There is a lot of chatter about ventilators these days. Ventilators are the machines that help people with advanced respiratory infections breathe. It just so happens that a lot more people need them now than needed them a few months or even a few weeks ago, as the COVID-19 virus clobbering countries around the world goes after people’s lungs to a harsh degree.
On March 21, Tesla CEO Elon Musk told CleanTechnica that they would deliver 1,000 ventilators within a week. Last week, he announced he had purchased 1,245 ventilators from China, machines which had been approved by the FDA for use in medical situations. He donated 1,000 of them to hospitals in Los Angeles and sent the rest to New York, where the coronavirus caseload is exploding. Those ventilators have now arrived in LA and New York City, where health officials have expressed their appreciation on Twitter.
Special thanks to @Tesla for a donation of 40 ventilators to our team at NYC Health + Hospitals/Elmhurst #inQueens. These will be essential in the fight against the #coronavirus. pic.twitter.com/X3EwUxGFMl
— NYC Health + Hospitals (@NYCHealthSystem) March 31, 2020
There has been a lot of drama about ventilators in the past 10 days, with the alleged president of the United States all but calling General Motors war profiteers and chiding the company for not moving fast enough to get production of ventilators started already. After all, they have had almost 10 days to round up parts from their global network of suppliers. What on Earth could they possibly be waiting for?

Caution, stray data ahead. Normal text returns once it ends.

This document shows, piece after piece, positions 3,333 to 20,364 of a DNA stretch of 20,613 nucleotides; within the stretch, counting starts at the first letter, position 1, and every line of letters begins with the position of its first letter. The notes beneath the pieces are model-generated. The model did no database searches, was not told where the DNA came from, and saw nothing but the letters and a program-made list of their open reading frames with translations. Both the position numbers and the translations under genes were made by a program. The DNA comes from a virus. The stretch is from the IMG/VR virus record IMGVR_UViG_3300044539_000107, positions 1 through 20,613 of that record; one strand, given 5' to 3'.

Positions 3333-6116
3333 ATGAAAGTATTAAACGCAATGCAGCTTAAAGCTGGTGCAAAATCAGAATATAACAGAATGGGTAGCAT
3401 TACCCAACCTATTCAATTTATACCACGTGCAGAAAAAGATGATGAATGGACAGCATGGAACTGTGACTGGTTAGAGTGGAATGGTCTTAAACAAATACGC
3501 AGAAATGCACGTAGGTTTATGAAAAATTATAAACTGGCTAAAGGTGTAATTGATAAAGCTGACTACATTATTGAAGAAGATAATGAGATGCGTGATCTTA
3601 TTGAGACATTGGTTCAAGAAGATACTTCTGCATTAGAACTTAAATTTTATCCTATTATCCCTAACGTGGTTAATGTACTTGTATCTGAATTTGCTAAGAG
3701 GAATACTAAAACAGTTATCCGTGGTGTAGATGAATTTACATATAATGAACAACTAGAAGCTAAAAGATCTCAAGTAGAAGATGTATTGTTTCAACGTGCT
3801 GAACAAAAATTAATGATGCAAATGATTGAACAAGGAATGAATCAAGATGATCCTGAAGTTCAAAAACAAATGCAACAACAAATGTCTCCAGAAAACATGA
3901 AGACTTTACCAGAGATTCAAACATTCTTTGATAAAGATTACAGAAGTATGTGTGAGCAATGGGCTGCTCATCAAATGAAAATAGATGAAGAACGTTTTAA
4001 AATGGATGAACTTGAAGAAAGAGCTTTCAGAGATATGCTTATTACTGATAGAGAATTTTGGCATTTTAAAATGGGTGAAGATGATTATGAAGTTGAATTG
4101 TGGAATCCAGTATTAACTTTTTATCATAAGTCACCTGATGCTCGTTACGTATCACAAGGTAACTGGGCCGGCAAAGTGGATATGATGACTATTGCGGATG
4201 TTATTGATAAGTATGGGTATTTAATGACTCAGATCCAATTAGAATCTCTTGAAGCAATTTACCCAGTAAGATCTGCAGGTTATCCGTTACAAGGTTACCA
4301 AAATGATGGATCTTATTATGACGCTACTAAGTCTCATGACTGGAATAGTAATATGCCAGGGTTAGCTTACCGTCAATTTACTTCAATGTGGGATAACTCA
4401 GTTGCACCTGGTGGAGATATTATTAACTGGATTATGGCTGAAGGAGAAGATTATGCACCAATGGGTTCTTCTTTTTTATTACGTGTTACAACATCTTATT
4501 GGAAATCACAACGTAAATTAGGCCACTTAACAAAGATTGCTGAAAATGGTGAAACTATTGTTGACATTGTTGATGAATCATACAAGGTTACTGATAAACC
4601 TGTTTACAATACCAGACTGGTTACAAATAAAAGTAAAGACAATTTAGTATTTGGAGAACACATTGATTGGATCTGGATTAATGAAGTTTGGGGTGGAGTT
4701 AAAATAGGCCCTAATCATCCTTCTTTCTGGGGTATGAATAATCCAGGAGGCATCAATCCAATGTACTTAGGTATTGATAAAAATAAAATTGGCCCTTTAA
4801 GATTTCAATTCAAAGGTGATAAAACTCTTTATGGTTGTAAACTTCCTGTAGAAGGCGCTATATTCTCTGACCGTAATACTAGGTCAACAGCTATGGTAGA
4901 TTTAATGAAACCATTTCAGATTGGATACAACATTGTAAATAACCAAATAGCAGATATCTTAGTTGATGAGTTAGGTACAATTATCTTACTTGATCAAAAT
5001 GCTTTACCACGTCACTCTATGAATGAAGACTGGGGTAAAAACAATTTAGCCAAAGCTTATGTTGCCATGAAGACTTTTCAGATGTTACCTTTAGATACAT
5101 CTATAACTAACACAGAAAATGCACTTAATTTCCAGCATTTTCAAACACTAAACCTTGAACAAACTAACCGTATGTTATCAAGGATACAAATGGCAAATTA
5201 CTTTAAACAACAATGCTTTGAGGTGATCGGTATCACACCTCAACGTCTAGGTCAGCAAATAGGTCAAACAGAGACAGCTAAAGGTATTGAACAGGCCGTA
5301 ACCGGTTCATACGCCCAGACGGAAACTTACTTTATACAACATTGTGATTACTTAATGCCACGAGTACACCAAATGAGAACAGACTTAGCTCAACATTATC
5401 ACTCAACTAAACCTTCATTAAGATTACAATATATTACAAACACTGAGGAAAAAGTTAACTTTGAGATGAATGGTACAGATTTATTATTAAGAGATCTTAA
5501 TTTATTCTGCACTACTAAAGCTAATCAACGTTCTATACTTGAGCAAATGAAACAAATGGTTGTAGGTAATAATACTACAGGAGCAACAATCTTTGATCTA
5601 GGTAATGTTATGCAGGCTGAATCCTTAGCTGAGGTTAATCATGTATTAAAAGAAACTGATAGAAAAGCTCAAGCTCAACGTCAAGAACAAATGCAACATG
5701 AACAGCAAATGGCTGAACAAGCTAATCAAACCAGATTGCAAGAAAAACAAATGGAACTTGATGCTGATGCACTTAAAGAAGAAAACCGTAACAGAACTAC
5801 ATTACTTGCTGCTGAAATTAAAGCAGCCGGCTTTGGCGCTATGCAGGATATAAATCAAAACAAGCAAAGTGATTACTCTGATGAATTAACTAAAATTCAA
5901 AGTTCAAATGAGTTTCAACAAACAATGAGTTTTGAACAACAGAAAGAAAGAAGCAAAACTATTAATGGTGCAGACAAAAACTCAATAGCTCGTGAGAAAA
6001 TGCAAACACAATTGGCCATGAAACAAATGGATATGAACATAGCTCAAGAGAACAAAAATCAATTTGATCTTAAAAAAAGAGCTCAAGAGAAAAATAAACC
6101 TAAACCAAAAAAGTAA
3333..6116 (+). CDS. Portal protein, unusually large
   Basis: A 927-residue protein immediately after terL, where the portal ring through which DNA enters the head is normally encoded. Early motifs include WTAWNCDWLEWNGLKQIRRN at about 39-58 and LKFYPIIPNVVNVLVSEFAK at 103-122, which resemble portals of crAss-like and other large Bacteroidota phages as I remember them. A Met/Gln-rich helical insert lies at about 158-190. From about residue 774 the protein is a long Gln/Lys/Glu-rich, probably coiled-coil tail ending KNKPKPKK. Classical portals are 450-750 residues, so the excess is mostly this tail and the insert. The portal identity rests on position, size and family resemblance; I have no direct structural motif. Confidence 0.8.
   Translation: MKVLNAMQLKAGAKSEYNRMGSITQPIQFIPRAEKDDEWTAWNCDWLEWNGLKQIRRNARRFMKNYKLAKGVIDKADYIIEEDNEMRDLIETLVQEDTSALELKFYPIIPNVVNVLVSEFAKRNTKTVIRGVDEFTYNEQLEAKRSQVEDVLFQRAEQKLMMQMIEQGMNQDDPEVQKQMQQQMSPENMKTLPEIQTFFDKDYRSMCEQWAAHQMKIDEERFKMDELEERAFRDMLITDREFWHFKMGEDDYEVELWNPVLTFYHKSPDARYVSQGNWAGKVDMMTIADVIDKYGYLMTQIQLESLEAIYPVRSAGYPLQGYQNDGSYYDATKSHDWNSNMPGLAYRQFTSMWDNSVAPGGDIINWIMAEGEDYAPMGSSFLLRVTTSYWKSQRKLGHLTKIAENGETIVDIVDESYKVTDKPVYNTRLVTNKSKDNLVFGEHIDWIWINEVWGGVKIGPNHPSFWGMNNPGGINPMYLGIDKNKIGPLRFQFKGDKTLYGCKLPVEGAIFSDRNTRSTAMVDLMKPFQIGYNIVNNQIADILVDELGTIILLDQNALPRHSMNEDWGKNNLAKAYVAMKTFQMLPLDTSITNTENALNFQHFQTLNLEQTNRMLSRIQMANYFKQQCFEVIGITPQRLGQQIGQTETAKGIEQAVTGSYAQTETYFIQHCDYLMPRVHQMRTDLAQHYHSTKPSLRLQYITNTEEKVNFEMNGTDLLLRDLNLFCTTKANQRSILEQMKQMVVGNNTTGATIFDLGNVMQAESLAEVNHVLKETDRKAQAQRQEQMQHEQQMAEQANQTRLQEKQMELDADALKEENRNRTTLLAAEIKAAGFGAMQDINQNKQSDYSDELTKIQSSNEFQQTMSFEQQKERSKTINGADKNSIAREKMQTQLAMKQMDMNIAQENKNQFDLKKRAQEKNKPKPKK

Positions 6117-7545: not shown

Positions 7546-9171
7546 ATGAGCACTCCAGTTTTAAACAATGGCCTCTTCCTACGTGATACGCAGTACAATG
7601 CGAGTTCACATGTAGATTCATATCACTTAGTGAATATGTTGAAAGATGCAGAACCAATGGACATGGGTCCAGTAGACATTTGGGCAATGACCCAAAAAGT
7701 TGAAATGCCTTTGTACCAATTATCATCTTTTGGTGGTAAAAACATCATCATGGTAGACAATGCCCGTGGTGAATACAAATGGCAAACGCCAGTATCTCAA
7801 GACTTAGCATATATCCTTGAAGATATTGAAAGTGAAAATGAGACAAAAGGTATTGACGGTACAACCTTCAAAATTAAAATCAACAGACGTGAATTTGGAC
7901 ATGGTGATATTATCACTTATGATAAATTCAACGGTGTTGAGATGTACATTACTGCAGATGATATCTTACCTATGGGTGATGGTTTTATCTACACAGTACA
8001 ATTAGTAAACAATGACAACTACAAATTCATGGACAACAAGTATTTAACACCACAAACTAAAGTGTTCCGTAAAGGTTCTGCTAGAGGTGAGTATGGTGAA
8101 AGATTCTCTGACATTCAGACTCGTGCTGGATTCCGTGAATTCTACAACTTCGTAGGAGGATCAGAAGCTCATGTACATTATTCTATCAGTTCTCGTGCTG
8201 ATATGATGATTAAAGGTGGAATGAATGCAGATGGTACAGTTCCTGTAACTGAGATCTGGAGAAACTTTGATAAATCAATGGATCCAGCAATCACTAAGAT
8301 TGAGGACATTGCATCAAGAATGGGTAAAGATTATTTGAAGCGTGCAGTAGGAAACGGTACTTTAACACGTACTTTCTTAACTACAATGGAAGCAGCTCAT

Musk Steps Up Again
Today, March 31, Elon took to Twitter again to make a rather startling announcement.
We have extra FDA-approved ventilators. Will ship to hospitals worldwide within Tesla delivery regions. Device & shipping cost are free. Only requirement is that the vents are needed immediately for patients, not stored in a warehouse. Please me or @Tesla know.
— Elon Musk (@elonmusk) March 31, 2020
Now you know everything we know. What we don’t know is how many ventilators Musk has available or where he got them from. We also don’t know any more about his proposed working relationship with Medtronic, a major manufacturer of ventilators. Are these more units he found sitting around in a warehouse somewhere? It seems rather unlikely that new ones have been manufactured so quickly, but we just don’t know.
The part about not putting them in storage is interesting. Some hospitals are legitimately expecting the number of infections to skyrocket in the weeks to come and are desperate to have adequate supplies of gloves, masks, and respirators on hand before that happens. Others may be hoarding them. It’s really hard to know who is acting reasonably and who is acting out of pure selfishness and greed.
What we do know is that Musk and Tesla are committed to getting ventilators to the people who need them most, right now, today. It would be enormously helpful if the so-called Federal Emergency Management Agency (FEMA) could coordinate the supply of critically needed medical equipment instead of forcing the individual states to compete against each other for scarce supplies.
But that would require leadership from the top, something the person in authority is incapable of providing. Perhaps he should try behaving more like an actual business leader instead of merely playing one on TV.